Tutorial: How to Find the Right Person on oDesk

odesk tutorial

If you’re growing a business, hiring is essential. But the process can seem overwhelming. That’s especially the case if you’re just looking for contractors or freelance employees online.

Online entrepreneur Evan Carmichael shares his process for finding the right help on sites like oDesk in this video tutorial:

Carmichael explains:

“The goal here is to get quality people who want to work with me and quickly weed through all of the crap – all of the people who aren’t paying attention, who don’t read your profile, who don’t put in even a little bit of hard work to prove themselves. Those people you don’t want. If they’re not going to jump in and do a little bit of work for you, then you’ve got to move on and find other people. And so this process helps make sure you get the right people in.”

Here are a few steps Carmichael uses to find the most qualified candidates.

Specify the Type of Job

Depending on your specific needs, you might want a freelancer to handle just one specific task, or you might need someone on an ongoing basis. Carmichael says ongoing jobs tend to attract the best candidates. So be sure to be specific about the time period in your job description.

Don’t Make it Easy

When writing a job description, include everything in one big, ugly paragraph. This might seem strange, but Carmichael says it helps weed out the people who are not detail-oriented and it is very important for him to have detail oriented contractors. So this step helps him find people who don’t mind going through a job description that isn’t necessarily the easiest to read and picking out the important elements.

Include a Question

To ensure that applicants have actually read his job description, Carmichael includes a specific question in the middle of the paragraph. For example, he might ask applicants to tell him how many YouTube subscribers he has when submitting their applications. This step helps prove who pays the most attention and actually cares enough about the job to read the entire description.

Develop Good Feedback

You can’t find great candidates unless those great candidates actually want to work with you. Fortunately, oDesk and similar sites allow contractors and business owners to leave reviews for each other.

So as early as possible, Carmichael suggests building relationships with contractors so you can gain positive feedback. For new users, this can’t be done right away. But there are still some steps you can take. For example, verifying your payment method on oDesk makes you look more reputable to potential contractors immediately.

Use a Trial Job

The final step in Carmichael’s process involves creating a trial job on oDesk. He invites the candidates who respond to his application correctly to do short tasks that he will pay them for regardless. He says that not all of the invited applicants even attempt the trial job and even fewer complete it. This further weeds out contractors who don’t have the follow through he needs.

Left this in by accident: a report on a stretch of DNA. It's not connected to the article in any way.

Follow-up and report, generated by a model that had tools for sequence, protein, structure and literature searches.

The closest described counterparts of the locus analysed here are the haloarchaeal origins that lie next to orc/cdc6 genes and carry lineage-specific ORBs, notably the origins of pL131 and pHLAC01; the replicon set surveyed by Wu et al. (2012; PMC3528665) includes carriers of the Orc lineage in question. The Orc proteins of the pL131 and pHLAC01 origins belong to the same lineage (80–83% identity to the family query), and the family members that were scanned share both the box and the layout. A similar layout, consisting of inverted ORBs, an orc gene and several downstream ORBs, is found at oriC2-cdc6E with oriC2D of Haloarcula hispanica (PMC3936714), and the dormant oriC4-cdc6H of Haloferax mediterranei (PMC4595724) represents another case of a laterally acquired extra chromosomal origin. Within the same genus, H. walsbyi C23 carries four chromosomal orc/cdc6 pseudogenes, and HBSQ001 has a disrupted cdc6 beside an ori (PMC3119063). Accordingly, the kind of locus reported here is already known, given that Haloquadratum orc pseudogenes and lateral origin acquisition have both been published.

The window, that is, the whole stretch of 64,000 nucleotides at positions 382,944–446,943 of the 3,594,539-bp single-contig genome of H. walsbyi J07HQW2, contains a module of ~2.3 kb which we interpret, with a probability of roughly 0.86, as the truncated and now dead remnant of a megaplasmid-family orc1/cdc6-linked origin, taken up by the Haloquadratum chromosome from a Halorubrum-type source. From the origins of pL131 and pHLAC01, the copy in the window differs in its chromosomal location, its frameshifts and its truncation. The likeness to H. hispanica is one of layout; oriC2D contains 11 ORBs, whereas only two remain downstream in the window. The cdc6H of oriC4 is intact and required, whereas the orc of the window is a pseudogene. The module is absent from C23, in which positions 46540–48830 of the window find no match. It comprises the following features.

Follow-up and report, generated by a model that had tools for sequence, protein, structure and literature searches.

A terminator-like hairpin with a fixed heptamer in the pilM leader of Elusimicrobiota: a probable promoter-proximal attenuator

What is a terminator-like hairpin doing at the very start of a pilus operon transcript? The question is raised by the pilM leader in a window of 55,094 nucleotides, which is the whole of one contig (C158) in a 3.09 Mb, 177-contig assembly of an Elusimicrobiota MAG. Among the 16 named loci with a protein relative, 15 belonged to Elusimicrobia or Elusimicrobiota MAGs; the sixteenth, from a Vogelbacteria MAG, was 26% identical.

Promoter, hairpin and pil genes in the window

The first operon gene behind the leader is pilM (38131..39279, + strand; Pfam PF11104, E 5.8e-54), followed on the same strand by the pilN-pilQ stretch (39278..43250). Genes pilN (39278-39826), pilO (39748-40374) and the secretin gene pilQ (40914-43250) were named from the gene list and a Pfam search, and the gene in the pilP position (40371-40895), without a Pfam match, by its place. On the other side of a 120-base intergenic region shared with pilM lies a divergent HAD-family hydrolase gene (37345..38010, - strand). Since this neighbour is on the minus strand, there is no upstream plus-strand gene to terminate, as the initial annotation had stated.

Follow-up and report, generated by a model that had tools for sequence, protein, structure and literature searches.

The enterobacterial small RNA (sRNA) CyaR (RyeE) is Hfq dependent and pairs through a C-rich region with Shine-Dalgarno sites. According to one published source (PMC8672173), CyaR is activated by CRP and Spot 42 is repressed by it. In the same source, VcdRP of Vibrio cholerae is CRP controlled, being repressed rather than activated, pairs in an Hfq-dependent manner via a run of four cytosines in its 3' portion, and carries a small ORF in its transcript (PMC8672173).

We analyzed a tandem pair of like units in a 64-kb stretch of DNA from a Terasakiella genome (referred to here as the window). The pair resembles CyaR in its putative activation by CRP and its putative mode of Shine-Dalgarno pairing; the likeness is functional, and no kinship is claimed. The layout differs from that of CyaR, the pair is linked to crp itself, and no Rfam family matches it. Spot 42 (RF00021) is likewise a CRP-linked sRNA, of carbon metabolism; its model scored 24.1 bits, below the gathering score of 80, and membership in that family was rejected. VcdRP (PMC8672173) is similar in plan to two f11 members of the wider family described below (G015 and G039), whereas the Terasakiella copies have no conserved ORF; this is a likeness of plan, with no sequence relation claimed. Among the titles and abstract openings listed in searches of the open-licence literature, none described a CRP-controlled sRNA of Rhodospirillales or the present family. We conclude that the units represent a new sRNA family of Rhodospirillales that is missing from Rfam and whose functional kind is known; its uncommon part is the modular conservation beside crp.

Of the ones who do complete the task, he is then able to judge candidates based on who took the shortest amount of time and did the best job. If two or three stand out, he says he may hire a few people and see who does the best job on an ongoing basis.

Image: oDesk


Annie Pilon Annie Pilon is a Senior Staff Writer for Small Business Trends, covering entrepreneur profiles, interviews, feature stories, community news and in-depth, expert-based guides. When she’s not writing she can be found exploring all that her home state of Michigan has to offer.

6 Reactions
  1. I would like to add offering a fair price. I can’t tell you how many times I’ve seen posted or been offered work that would be of significant time/effort committment and it was for a foxed price of $5… Wow! All I think is a) you probably don’t value to work and b) you trully don’t understand the WORK that goes into what you are contracting out.
    Thanks for sharing this blog!

  2. I understand writing a big ugly paragraph to weed out certain people. I’m also thinking though: couldn’t writing a big ugly paragraph work against the person looking to hire in terms of creating a good (professional) impression to potential applicants?

    • I hadn’t really considered that aspect of it, but that could be a concern! I think that maybe since it’s a job posting and not necessarily a more professional/polished platform that job seekers might not look too far into that aspect of it, but I can’t speak for everyone.

  3. Actually, I, too, had wondered about the paragraph format as a “weeding out” strategy. As a potential applicant, I would wonder about the professionalism, and communication abilities, of the potential employer. If they can’t/ don’t clearly specify what they need, it’s difficult to satisfy the requirements. Nevertheless, it is an interesting strategy.